Any short-story aficionado would be instantly drawn to a collection featuring writers of the caliber of Lorrie Moore and Heidi Pitlor as editors, and 100 Years of the Best American Short Stories (Houghton Mifflin Harcourt, $30), a hefty centennial celebration of the longtime Best American Short Stories series, presents an unparalleled cross-section of work written over the past century and gathered from throughout the country—and there’s a gorgeous cover, to boot. You’ll get a kick out of Moore’s characteristic wry humor and acerbic wisdom in her introduction. And for those of you who loved The Best American Short Stories of the Century, edited by John Updike, fear not: Moore and Pitlor have not repeated earlier selections. These stories are arranged chronologically, and every decade comes with a brief introduction that reacquaints readers with the stories’ wider socio-cultural significance and grounds them firmly in their historical moment. The commentary draws our attention, too, to the rise and fall of the literary journals that fostered many of the writers represented here and provided first homes for the works we reprint, reread, and revere today. This collection is a must-have for short story lovers and aspiring writers. Here, you’ll find the masters.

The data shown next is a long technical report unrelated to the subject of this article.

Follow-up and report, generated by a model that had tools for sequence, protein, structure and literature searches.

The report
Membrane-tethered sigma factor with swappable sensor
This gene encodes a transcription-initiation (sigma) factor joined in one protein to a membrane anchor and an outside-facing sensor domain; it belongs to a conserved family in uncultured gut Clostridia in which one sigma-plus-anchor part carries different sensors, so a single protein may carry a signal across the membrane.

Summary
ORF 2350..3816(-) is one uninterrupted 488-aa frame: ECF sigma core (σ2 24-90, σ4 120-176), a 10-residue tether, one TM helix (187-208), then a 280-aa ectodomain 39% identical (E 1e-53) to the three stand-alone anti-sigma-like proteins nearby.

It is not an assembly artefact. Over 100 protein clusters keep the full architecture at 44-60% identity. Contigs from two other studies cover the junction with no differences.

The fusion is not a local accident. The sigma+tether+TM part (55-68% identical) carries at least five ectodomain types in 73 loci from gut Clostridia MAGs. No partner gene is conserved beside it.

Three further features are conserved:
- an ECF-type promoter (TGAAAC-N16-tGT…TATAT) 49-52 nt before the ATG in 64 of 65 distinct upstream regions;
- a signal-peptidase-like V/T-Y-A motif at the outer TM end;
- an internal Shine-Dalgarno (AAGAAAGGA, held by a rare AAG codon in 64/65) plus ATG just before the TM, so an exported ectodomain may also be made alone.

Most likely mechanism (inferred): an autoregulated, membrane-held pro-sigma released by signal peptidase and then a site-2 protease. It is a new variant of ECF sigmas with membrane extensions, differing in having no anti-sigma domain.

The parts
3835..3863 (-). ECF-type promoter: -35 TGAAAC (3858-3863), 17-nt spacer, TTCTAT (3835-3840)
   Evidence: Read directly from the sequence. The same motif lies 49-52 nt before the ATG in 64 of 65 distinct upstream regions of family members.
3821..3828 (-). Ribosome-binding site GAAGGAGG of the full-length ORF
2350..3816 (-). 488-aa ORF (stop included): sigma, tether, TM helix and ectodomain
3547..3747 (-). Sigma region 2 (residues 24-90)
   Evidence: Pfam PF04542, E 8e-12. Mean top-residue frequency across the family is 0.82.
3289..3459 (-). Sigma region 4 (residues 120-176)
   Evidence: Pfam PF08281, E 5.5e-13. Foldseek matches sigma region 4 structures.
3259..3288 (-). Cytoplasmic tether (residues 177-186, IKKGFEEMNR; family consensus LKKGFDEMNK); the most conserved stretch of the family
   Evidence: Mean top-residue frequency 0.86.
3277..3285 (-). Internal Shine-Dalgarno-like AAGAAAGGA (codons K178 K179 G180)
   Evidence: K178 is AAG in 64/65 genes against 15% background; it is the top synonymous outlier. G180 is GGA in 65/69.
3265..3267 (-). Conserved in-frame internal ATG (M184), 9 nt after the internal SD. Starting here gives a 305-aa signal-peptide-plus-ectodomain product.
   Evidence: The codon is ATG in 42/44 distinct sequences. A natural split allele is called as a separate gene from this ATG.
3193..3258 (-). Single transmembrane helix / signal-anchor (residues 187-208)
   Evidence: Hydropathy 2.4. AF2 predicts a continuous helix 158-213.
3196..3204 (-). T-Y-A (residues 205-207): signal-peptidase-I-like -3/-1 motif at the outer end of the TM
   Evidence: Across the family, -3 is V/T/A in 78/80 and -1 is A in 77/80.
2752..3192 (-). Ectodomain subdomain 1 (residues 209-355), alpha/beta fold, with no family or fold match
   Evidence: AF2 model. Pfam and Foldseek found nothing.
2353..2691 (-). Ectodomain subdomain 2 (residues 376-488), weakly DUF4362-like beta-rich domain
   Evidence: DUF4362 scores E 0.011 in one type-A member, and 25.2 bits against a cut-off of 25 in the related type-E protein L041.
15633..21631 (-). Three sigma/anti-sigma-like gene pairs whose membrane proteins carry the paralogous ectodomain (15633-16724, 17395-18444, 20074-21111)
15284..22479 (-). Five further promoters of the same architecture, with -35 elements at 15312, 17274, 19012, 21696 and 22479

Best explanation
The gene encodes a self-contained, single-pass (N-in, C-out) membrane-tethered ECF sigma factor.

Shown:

Humorist Andy Borowitz has compiled a raucous array of writing in The 50 Funniest American Writers: An Anthology of Humor from Mark Twain to the Onion (Library of America, $27.95). An asterisk in the title reminds readers that this selection is “according to Andy Borowitz.” In any case, he has assembled work by some unquestionably funny folks. Pieces by contemporary wits such as George Saunders, Wanda Sykes, and David Sedaris are present, but the editor has also picked samples from writers who aren’t read much anymore, people like Peter DeVries, George Ade, and Anita Loos. Dorothy Parker, George S. Kaufman, S.J. Perelman, H.L. Mencken, and James Thurber are here (this is the Library of America, after all), making it a literary anthology that will be cherished by everyone in the household.
I FOUND THIS FUNNY (McSweeney’s, $25) is an anthology of stories, skits, essays, poetry, and cartoons that manages to be laugh-out-loud hilarious, depressing, and enlightening all at the same time. Writer/director Judd Apatow, of Freaks and Geeks and Knocked Up fame, does a fantastic job as the editor of a collection that includes Raymond Carver, Conan O’Brien, David Sedaris, Flannery O’Connor, Adam Sandler, Jon Stewart, and many more. Apatow doesn’t feel the need to stick to stories that are obviously funny. He also chooses writing that is strange or heartbreaking, non-fiction and fiction. The variety of this collection makes it a constantly surprising reading experience. I would recommend this book to anyone who enjoys Apatow’s work, but also to anyone who likes well-told strories, sharp insight, and a good laugh.